2019 seems the year in which the climatic emergency rises in the scale of concerns in the so-called developed world. The headlines range from apocalyptic alarmism to those who deny that we have any kind of responsibility in the process. In this scenario, governments announce increasingly ambitious and close decarbonization and sustainability objectives. However, at each announcement, the questions continue to accumulate, and the answers seem to dilute (How do we do it? Who will do it? When will we start? … How much will it cost us? … Who will pay it?)

And in Spain it seems that it takes us with his foot changed, without government and suffering a worrying legislative break. Among many of the announcements made this year, and to start somewhere, we have the 2030 objectives for the energy sector. To achieve these objectives, we will need about 200,000 million euros investment. Of which 75% must come from private capital. I discover nothing when I say that, if we intend to attract all this capital, we will need to give clear signs of leadership and a stable regulatory framework. Therefore, the POLICY & POLITICS duet are the key to its achievement. However, we still don’t have a government today and the one that could result will be of extreme weakness. This will make negotiations more complicated to establish the necessary regulation for these objectives.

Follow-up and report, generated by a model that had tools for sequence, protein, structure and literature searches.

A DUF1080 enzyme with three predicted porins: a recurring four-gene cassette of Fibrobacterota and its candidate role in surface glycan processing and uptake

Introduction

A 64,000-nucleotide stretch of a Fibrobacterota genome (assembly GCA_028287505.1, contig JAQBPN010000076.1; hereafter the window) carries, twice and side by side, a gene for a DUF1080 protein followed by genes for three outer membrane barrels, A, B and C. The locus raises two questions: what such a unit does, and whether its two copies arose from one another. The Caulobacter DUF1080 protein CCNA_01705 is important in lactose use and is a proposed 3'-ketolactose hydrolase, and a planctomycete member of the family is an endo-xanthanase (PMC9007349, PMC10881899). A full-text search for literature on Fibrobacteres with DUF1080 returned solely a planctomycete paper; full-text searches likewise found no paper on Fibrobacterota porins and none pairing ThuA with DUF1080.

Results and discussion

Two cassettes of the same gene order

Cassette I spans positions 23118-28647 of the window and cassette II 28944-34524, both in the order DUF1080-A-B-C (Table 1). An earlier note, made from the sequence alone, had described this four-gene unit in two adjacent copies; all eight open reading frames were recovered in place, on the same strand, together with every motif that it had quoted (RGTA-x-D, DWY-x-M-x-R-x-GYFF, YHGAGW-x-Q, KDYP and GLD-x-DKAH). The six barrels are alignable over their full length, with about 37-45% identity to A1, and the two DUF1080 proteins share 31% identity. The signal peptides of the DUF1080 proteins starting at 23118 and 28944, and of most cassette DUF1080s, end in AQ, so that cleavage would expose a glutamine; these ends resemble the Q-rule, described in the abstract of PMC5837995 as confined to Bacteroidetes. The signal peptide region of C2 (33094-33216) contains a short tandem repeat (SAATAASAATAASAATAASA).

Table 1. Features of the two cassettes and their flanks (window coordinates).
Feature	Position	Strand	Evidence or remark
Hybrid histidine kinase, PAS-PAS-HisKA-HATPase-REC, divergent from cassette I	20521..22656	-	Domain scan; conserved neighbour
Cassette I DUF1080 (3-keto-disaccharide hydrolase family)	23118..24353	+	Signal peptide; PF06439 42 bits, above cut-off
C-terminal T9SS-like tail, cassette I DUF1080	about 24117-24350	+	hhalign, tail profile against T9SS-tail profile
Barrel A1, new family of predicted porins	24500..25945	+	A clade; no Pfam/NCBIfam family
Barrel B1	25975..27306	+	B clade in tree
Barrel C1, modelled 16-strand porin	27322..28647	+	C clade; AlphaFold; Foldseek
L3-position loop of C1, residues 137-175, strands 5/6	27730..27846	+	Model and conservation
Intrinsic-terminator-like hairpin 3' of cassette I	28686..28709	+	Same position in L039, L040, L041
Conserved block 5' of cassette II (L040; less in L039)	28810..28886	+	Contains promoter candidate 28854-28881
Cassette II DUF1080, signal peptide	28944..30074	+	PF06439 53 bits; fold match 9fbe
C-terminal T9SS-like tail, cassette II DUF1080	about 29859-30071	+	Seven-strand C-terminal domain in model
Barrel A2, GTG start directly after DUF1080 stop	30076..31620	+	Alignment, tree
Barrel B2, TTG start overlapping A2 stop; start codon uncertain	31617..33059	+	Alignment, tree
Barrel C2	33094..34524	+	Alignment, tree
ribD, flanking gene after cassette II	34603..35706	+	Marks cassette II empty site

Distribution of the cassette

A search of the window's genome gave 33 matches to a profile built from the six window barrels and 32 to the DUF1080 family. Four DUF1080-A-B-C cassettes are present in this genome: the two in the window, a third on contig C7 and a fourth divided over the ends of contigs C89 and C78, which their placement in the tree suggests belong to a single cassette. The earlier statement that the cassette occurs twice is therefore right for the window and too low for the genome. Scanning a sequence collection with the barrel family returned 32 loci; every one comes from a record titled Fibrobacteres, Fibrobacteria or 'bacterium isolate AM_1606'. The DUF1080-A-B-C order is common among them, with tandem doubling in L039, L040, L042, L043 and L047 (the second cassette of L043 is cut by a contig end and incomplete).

What is the situation on the peninsula and what has the Government done so far? The change of government in Spain in June 2018 opened the door to the energy transition demanded by broad sectors. The diagnosis of the experts is that the energy situation in Spain was and remains unsustainable a year and a half later. Ten are the main points where they have tried making decisions:

  1. Creation of the National Integrated Energy and Climate Plan 2021-2030, which seeks to identify the challenges and opportunities throughout the five dimensions of the Energy Union:
    • decarbonization
    • energy efficiency
    • energy security
    • the internal energy market
    • Research, innovation and competitiveness.

The Plan also seeks the necessary signals to provide certainty and sense of direction to all actors.

  1. Repeal of the sun tax (RDL 15/2018) and complete the regulatory framework for self-consumption (Royal Decree 244/2019)
  2. Boosting renewables (auctions)
  3. European single market policy (winter package)
  4. Debate on the nuclear park (Phase-out)
  5. Debate on coal-fired plants (Phase-out)
  6. Debate on thermal power plants
  7. Reforms on the electricity market
  8. Environmental taxation